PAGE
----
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ZTE signs $20bn agreement with China Development Bank

Chinese infrastructure vendor ZTE has extended its strategic partnership agreement with China Development Bank (CDB). As a result, CDB will expand its financing facility for ZTE to $20bn.

In 2005, CDB and ZTE began their cooperation, agreeing a facility of $8bn, and then in 2009, the same year rival Huawei signed a $30bn deal with the CDB, the facility was increased to $15bn.

According to Hou Weigui, chairman of ZTE, the firm will use the financial support to “grasp the opportunities in the markets for 4G, fixed broadband, enterprise networks and terminals, consolidate our advantages and migrate to the higher value solutions, as we aim to achieve a global top-3 position before 2015.”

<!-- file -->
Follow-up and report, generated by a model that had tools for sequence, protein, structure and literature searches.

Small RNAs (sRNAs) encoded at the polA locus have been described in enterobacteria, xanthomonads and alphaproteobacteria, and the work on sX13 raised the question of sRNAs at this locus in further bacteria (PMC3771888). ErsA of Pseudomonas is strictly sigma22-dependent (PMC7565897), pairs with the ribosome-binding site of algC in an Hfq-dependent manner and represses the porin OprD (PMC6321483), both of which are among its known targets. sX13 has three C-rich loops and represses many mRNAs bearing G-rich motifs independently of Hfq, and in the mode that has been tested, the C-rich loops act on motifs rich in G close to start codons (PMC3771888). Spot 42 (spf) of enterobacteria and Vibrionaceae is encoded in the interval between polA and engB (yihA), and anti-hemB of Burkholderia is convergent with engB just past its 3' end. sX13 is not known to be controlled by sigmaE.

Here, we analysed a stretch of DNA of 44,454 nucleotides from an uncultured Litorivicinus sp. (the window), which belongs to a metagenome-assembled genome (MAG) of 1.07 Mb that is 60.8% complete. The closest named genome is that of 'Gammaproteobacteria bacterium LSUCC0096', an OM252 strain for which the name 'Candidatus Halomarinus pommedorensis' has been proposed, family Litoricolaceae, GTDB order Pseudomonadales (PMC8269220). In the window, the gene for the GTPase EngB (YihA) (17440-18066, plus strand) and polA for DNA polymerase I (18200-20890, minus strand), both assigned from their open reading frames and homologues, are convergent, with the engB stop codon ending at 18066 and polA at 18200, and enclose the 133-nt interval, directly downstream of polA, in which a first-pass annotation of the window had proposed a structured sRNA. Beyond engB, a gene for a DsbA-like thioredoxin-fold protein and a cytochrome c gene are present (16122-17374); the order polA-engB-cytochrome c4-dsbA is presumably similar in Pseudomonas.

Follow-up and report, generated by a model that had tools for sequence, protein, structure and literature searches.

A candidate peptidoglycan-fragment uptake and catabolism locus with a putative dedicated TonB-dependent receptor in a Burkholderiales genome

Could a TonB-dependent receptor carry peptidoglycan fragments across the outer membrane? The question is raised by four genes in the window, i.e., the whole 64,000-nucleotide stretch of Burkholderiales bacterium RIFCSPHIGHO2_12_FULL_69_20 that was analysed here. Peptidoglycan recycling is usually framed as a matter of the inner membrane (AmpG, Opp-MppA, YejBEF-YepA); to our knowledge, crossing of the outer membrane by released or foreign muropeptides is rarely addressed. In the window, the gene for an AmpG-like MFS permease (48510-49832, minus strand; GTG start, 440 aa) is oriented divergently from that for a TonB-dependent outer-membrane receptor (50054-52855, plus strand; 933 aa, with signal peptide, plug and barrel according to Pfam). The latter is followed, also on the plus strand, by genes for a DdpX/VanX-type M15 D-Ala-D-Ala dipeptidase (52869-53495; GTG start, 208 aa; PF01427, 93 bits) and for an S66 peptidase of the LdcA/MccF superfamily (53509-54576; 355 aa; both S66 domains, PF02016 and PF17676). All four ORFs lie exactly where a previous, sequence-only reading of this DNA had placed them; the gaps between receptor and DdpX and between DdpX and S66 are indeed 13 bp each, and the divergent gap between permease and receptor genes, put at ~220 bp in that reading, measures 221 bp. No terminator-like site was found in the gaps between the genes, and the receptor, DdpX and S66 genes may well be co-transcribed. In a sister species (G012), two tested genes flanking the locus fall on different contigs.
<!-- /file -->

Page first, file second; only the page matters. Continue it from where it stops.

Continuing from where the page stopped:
The deal comes at a crucial time for the company, and the industry, according to Matt Walker, principal analyst network infrastructure telecoms at research firm Ovum.

In 2009, ZTE pursued new financing with clear hopes of growing global share during the financial downturn; it succeeded in this. But three years later, telecom infrastructure markets remain weak, and no vendors are immune from the current pressures,” he said.

This $20bn agreement gives ZTE a much-needed financial boost as it copes with weak sales, declining profits, and layoffs, Walker added. At a time when several key rivals are struggling, and selling assets to raise cash, fresh support from the CDB may give ZTE a buffer to ride out the current turmoil.

“But there is a risk for the company. Accepting this support will make it harder for ZTE to further penetrate western European and North American markets, where policymakers are concerned about unfair competition from Chinese suppliers,” Walker warned. “This news will not go unnoticed by ZTE’s opponents, both those in the marketplace and the political sphere.”

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